Ah yes, democracy. I’m currently reading a book, Andreas, that makes me wonder even more about how well American democracy actually works. Written by Jeff Sharlet, it’s called “The Family: The Secret Fundamentalism at the Heart of American Power”. It documents the extraordinary influence that a religious group based in Washington has on American politics and policy. It’s members include a significant number of U. S. congressmen, governors (including the now infamous Mark Sanford of South Carolina), and other people in power. If it’s all true – and the documentation is compelling – then my vote, and everyone else’s vote, has been greatly diluted. Scary stuff.

  2. Andreas Manessinger

    Yes, there are official structures of society and less official and sometimes almost secret parallel structures. They are less formal and in detail less stable, but in the big picture they are more stable than anything else. Money is what keeps them alive. Normally money does not simply vanish, it gets more, accumulates where already money is. Money brings the children of the wealthy to the same handfull of schools, money gets them through when ability would not, money determines their friendships and the favors they do to each other. When they desperately want something and they can only get it by democratic consent, they conjur up the ghosts of terrorism and child porn. They manipulate the media, because the media are in their hands. Well, at least the traditional media.

    Ever wondered about the current trend throughout the world to install instruments of censorship? All those child porn filters? Well, Germany just gets them and the politicians already talk about including violence and copyright infringement. The Chinese way takes over. The Internet is something that “just happened”, but if they had known what it would be, they would have controlled it early. Freely flowing information? Free communication? Scary!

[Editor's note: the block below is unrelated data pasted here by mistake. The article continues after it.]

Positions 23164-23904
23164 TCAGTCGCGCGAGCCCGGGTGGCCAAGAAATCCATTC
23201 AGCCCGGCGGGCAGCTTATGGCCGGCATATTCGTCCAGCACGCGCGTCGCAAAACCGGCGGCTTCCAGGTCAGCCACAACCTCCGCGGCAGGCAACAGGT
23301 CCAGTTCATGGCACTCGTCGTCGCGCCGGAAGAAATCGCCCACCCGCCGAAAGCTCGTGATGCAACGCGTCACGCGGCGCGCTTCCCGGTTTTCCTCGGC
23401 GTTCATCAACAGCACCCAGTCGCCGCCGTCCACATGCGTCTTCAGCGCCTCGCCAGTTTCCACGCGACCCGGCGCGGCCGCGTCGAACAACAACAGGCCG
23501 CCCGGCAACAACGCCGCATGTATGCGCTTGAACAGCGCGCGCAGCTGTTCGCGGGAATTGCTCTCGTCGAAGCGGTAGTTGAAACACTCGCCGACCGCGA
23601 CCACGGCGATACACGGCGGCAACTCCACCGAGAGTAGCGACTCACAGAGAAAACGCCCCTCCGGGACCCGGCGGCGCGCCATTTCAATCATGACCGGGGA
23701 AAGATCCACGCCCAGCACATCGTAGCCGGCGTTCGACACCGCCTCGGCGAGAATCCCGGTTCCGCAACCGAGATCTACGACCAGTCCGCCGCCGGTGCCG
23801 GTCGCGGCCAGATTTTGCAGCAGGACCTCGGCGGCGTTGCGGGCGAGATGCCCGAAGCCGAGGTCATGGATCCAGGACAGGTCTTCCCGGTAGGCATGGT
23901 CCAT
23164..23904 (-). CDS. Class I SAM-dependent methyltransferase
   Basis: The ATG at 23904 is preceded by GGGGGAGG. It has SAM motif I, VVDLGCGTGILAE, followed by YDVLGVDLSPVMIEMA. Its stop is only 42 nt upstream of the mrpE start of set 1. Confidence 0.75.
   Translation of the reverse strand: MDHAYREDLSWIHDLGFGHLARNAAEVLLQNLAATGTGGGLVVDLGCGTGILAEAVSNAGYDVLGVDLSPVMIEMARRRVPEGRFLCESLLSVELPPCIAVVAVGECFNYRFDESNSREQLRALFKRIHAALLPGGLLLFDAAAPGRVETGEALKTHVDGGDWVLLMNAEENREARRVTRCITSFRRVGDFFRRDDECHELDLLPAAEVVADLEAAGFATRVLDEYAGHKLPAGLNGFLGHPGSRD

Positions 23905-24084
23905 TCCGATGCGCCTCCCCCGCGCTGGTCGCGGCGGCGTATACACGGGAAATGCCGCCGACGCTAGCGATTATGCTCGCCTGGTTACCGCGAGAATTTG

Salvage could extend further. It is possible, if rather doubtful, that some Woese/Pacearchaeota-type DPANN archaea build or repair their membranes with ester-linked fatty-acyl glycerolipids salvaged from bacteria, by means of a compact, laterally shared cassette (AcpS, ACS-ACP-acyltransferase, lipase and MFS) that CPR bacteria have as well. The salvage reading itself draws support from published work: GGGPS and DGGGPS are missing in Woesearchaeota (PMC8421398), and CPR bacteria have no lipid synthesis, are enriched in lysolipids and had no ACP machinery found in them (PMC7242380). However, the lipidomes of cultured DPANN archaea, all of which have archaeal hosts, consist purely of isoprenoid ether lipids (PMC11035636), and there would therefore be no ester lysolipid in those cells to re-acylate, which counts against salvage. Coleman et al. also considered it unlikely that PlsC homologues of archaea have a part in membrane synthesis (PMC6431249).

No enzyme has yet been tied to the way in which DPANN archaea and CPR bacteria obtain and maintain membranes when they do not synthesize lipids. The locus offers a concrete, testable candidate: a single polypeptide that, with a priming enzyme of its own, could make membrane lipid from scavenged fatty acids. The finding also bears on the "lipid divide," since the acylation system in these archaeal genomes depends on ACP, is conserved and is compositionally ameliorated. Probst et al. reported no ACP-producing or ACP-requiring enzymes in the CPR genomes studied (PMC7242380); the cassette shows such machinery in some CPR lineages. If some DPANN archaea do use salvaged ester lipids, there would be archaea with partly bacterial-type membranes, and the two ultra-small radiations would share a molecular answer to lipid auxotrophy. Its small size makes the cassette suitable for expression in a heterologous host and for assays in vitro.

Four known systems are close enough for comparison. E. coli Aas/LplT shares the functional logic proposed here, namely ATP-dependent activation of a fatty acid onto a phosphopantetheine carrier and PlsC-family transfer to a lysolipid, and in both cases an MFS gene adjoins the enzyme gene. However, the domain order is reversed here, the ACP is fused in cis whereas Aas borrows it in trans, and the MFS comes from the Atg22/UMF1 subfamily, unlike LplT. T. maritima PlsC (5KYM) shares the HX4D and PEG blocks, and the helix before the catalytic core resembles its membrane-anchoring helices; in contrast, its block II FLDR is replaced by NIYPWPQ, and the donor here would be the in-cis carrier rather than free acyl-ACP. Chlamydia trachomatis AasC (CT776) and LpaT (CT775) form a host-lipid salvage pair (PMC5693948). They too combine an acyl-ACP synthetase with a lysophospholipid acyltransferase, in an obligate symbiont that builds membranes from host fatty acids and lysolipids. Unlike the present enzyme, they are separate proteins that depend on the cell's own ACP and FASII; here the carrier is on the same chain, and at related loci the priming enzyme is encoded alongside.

3. Don

    I don’t know about touchdown Jesus but I see many of these players point up in the sky when they score and thank God. They should be thanking the other ten players for getting their dumbass in the endzone.

  4. blovius

    when I was a kid – ages 5 to 13 – every autumn my father took me to at least one ND football game in South Bend. He worked for the railroad so on Friday afternoon I went to the train station – first in Syracuse, later in Rochester – met my dad and got on the train to South Bend – private sleeping compartment, deluxe dining car and club car, and some of the most friendly people on the planet – Pullman porters.

    Man, that was the way to go – a nice dinner, a drink in the club car (soda for me), a good night’s sleep in the Pullman car compartment, followed by a nice breakfast before arriving safe, sound, and refreshed in South Bend. After the game repeat the same deal in an easterly direction.

    BTW, re: “when something hard comes along” – you mean like this –

  5. Paul Maxim

    Don: I’m with you on that one. How come athletes never point to the sky when they drop the ball or throw an interception or strike out in the bottom of the 9th? Isn’t the Big Guy responsible for those events, too?

    Mark: OK, I’m jealous. You must have gotten to see some good games. The whole experience must have been great. The only time I ever go to ride on a train was when Uncle Sam was sending me to Fort Dix!